Blinken urges more normalization with Israel on anniversary

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US Secretary of State Antony Blinken promised Friday to encourage more Arab countries to recognize Israel as he met with top diplomats from the Jewish state and from three Arab countries a year after they began normalization.

The virtual event bringing together top diplomats of Israel, the United Arab Emirates, Bahrain and Morocco amounted to a full embrace by President Joe Biden of the so-called Abraham Accords, which his predecessor Donald Trump considered a key foreign policy legacy.

"This administration will continue to build on the successful efforts of the last administration to keep normalization marching forward," Blinken said.

"We will encourage more countries to follow the lead of the Emirates, Bahrain and Morocco. We want to widen the circle of peaceful diplomacy," Blinken said.

Blinken said that normalization has benefitted the people of the region and helps to address broader challenges including terrorism and climate change.

"It's in the interests of countries across the region and around the world for Israel to be treated like any other country. Normalization leads to greater stability," he said.

"We want to widen the circle of peaceful diplomacy," Blinken said. "Normalization leads to greater stability."

Israeli Foreign Minister Yair Lapid -- like Blinken, representing a new administration after the accord forged by a right-wing government -- said he would pay a first visit to Bahrain later this month. He has already visited the other two Arab states.

"This Abraham Accords club is open for new members," Lapid said.

Morrocan Foreign Minister Nasser Bourita staunchly defended his country's decision but noted that it generated "animosity" -- a reference to neighboring Algeria's severing of ties with Rabat.

"There is a need for a new regional order, where Israel is a stakeholder and no longer an outsider in its own region," Bourita said.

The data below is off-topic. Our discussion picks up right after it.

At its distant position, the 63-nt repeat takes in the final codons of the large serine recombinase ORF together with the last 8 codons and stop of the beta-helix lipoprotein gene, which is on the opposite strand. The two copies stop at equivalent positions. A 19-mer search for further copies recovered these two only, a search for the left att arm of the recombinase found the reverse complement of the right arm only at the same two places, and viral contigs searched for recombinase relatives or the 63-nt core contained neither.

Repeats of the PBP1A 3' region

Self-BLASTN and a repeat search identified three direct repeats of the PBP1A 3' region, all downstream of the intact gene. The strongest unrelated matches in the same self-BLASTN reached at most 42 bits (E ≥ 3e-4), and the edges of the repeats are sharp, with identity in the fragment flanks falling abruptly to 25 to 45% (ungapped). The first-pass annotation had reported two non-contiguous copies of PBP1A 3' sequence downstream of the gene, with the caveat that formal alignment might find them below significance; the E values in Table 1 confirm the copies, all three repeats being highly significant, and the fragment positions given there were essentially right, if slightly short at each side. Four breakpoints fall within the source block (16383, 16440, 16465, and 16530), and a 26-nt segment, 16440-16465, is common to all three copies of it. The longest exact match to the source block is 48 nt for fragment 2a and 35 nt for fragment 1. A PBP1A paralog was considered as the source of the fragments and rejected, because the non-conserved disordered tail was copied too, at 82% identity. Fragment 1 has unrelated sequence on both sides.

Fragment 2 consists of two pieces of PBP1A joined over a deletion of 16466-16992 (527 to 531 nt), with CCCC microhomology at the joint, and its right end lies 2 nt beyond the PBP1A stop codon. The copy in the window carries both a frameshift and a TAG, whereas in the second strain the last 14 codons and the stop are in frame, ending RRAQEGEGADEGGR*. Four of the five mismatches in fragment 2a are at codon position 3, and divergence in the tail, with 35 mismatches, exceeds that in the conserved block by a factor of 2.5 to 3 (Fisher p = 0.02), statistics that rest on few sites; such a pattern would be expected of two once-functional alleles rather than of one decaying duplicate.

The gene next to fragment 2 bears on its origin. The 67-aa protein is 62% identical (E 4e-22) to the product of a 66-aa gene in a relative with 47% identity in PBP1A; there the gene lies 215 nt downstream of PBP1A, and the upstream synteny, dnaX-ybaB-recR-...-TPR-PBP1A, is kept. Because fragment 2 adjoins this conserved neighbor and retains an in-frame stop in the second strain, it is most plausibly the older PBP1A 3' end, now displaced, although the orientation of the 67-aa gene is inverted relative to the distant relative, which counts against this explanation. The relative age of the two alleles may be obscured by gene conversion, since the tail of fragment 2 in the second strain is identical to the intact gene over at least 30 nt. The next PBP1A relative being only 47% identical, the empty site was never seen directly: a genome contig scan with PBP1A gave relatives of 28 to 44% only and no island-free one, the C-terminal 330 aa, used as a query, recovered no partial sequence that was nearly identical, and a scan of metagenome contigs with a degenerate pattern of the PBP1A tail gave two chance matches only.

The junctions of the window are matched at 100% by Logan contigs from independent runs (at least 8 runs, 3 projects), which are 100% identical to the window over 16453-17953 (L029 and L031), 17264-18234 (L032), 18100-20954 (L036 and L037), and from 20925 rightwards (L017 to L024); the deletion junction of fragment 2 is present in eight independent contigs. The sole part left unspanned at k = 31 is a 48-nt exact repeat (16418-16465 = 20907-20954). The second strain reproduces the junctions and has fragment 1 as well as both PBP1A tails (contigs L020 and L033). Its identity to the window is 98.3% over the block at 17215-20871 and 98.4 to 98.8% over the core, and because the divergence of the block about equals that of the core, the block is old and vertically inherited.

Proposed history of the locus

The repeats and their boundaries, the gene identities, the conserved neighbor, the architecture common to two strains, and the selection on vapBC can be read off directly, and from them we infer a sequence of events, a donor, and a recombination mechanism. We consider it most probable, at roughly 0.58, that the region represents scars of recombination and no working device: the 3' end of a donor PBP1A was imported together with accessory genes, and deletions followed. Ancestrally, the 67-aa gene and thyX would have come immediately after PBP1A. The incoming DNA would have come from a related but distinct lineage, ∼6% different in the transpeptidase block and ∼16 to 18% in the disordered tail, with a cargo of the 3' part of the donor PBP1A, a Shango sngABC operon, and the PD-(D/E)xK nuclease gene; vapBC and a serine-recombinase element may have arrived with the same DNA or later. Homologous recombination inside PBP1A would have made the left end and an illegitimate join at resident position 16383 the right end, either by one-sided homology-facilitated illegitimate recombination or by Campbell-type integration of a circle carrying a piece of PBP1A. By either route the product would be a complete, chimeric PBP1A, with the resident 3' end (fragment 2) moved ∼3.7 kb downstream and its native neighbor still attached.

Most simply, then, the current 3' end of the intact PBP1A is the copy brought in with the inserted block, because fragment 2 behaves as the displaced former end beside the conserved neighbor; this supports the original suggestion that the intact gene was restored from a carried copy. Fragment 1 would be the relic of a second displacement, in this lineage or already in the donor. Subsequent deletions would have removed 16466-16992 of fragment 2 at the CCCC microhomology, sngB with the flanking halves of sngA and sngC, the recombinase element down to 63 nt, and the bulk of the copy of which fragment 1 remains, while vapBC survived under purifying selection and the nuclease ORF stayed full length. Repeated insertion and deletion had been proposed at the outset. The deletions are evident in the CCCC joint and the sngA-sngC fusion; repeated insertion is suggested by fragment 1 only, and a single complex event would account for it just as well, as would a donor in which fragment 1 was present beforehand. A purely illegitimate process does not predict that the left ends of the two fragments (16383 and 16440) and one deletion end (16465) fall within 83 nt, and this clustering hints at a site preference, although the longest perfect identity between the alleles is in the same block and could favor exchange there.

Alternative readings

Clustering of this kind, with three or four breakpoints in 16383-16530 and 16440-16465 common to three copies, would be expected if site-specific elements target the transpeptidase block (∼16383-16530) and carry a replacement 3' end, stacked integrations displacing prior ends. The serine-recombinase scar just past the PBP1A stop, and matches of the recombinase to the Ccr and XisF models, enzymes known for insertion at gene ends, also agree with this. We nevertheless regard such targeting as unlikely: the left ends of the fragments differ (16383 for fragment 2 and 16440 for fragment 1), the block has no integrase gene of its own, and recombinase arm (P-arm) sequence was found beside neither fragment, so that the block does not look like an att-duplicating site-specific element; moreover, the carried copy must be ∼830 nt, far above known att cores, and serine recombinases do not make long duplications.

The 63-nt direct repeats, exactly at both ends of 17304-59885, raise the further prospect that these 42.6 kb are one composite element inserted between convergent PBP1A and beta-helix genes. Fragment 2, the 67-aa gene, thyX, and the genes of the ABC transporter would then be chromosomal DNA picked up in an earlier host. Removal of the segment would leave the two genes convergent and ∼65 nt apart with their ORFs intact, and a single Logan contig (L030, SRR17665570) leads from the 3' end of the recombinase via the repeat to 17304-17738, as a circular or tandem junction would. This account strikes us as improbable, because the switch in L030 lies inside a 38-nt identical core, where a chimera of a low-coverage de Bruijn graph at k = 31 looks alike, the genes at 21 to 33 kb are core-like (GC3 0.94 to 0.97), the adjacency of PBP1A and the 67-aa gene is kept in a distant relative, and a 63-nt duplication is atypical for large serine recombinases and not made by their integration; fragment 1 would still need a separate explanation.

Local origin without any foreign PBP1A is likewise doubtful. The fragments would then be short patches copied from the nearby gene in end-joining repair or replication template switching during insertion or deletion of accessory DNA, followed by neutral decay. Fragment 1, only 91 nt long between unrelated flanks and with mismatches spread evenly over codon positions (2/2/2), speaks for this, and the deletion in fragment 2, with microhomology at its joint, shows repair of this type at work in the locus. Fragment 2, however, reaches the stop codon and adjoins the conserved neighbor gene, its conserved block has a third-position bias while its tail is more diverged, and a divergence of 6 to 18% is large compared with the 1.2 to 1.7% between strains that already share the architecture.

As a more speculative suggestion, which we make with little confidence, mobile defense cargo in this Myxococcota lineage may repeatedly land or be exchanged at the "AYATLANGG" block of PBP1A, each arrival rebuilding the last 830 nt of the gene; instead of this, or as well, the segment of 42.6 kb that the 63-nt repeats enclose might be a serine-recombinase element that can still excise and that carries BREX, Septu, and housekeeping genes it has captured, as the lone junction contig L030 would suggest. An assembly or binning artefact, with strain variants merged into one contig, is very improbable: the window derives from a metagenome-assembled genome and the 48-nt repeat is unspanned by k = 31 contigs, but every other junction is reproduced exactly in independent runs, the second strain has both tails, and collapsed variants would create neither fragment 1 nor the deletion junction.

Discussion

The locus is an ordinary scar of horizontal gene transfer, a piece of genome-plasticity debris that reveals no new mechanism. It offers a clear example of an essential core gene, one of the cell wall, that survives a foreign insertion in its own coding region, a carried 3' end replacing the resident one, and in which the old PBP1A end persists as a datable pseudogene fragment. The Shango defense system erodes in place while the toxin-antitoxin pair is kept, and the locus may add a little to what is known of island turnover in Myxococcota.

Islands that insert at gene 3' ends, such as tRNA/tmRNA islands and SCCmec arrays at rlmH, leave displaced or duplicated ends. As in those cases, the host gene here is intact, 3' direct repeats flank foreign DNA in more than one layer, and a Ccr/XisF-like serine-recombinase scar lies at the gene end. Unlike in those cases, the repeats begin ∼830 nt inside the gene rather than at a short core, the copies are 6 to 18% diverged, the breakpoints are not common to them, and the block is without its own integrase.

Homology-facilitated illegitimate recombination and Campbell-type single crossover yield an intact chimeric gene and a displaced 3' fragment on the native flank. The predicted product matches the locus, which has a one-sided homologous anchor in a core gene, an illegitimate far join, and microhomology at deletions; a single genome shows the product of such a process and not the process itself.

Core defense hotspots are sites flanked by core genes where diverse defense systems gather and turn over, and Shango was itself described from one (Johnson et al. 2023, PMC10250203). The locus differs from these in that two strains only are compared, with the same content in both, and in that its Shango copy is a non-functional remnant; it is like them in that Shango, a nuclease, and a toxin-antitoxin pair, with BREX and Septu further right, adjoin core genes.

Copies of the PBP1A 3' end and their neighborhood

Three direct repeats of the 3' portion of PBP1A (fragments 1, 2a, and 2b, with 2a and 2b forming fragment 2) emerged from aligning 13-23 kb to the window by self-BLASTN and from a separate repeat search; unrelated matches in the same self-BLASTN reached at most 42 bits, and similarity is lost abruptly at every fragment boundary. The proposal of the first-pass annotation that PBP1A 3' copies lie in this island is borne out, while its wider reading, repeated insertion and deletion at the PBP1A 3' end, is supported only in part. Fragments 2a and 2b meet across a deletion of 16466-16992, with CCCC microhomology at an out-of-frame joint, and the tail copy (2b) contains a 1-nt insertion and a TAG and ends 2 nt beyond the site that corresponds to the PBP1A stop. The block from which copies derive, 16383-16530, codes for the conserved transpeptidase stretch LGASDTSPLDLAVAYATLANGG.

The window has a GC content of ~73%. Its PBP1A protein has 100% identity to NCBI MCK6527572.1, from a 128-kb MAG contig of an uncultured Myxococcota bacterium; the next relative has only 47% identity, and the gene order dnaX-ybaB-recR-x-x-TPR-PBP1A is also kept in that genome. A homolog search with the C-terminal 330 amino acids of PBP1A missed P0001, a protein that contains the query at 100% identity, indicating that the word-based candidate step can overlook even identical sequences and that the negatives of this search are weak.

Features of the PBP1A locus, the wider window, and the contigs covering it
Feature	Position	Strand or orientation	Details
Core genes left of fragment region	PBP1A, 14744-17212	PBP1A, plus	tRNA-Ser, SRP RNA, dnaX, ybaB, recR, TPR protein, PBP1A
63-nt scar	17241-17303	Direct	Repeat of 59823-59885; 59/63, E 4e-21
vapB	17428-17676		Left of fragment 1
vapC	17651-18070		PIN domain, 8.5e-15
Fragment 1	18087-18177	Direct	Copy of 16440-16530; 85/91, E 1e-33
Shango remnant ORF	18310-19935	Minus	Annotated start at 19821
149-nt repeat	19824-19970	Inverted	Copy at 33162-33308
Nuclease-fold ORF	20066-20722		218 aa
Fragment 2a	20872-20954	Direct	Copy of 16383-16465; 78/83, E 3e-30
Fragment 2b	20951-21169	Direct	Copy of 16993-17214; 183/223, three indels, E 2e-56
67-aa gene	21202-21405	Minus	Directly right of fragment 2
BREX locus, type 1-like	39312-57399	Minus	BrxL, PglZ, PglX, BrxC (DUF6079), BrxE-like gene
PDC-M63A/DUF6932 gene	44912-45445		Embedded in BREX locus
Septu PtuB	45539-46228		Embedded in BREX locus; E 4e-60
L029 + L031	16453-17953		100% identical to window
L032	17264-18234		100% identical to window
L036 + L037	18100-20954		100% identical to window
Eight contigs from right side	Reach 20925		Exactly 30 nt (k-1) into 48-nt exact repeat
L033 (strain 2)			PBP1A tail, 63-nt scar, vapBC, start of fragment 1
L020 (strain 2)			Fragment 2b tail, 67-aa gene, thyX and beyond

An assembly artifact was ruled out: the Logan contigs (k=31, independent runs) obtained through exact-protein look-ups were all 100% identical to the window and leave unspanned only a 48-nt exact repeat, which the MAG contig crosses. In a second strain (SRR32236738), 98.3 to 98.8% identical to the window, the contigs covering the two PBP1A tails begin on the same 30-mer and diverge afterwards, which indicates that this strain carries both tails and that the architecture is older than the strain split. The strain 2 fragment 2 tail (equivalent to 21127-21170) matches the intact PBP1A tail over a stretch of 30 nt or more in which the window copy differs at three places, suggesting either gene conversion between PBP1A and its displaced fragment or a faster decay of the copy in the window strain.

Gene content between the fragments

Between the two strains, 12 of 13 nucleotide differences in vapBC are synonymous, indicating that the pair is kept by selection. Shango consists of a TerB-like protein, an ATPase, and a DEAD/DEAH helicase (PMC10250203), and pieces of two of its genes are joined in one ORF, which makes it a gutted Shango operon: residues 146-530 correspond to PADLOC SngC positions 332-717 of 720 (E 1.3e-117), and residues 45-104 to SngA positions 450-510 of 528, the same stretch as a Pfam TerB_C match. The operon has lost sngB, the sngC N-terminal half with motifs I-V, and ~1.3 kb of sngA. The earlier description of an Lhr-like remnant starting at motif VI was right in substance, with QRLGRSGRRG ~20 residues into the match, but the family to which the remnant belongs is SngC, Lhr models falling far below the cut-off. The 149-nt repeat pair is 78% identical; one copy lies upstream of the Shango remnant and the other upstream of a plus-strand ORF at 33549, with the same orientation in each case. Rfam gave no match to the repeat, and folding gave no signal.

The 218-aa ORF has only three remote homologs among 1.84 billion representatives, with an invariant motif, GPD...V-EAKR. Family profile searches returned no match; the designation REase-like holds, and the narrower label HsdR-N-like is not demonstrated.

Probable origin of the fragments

"This new regional order should not be perceived as against someone, but rather to benefit us all."

- Calls for Palestinian state -

The United Arab Emirates last year became the first Arab state to normalize relations with Israel since Egypt and Jordan decades earlier, with Bahrain and Morocco following suit soon afterward.

Critics of the Trump approach had accused him of advancing Arab reconciliation with Israel as a substitute for meaningful efforts to advance the rights of the Palestinians, with the previous administration unabashedly advancing the Jewish state's interests.

The Abraham Accords also had a transactional air with Trump promising state-of-the-art F-35 warplanes to the United Arab Emirates and bucking the international consensus by recognizing Morocco's claims to Western Sahara, outraging Algeria.

The Biden administration has quietly kept the incentives in place although it says it will increase oversight over the jet sale.

The three Arab ministers all called for progress on a Palestinian state.

The United Arab Emirates agreed to normalization after Israel's then prime minister Benjamin Netanyahu backed away from the prospect, blessed by Trump, of annexing vast swaths of the West Bank.

"We feel that the Abrahamic Accords will allow us to help and assist further in the peace process, leading to what we all see as the ultimate goal of a two-state solution," said Anwar Gargash, a top Emirati foreign policy adviser.

Notably absent from Friday's commemoration was Sudan, whose new civilian-backed government -- desperate for US support -- promised Trump to move forward with Israel but has since been hesitant in the face of public opposition.

Blinken said that the United States would encourage Sudan to foster ties with Israel.

Normalization has been more popular among elite opinion in the United Arab Emirates and Bahrain, which both share Israel's suspicions of regional power Iran.

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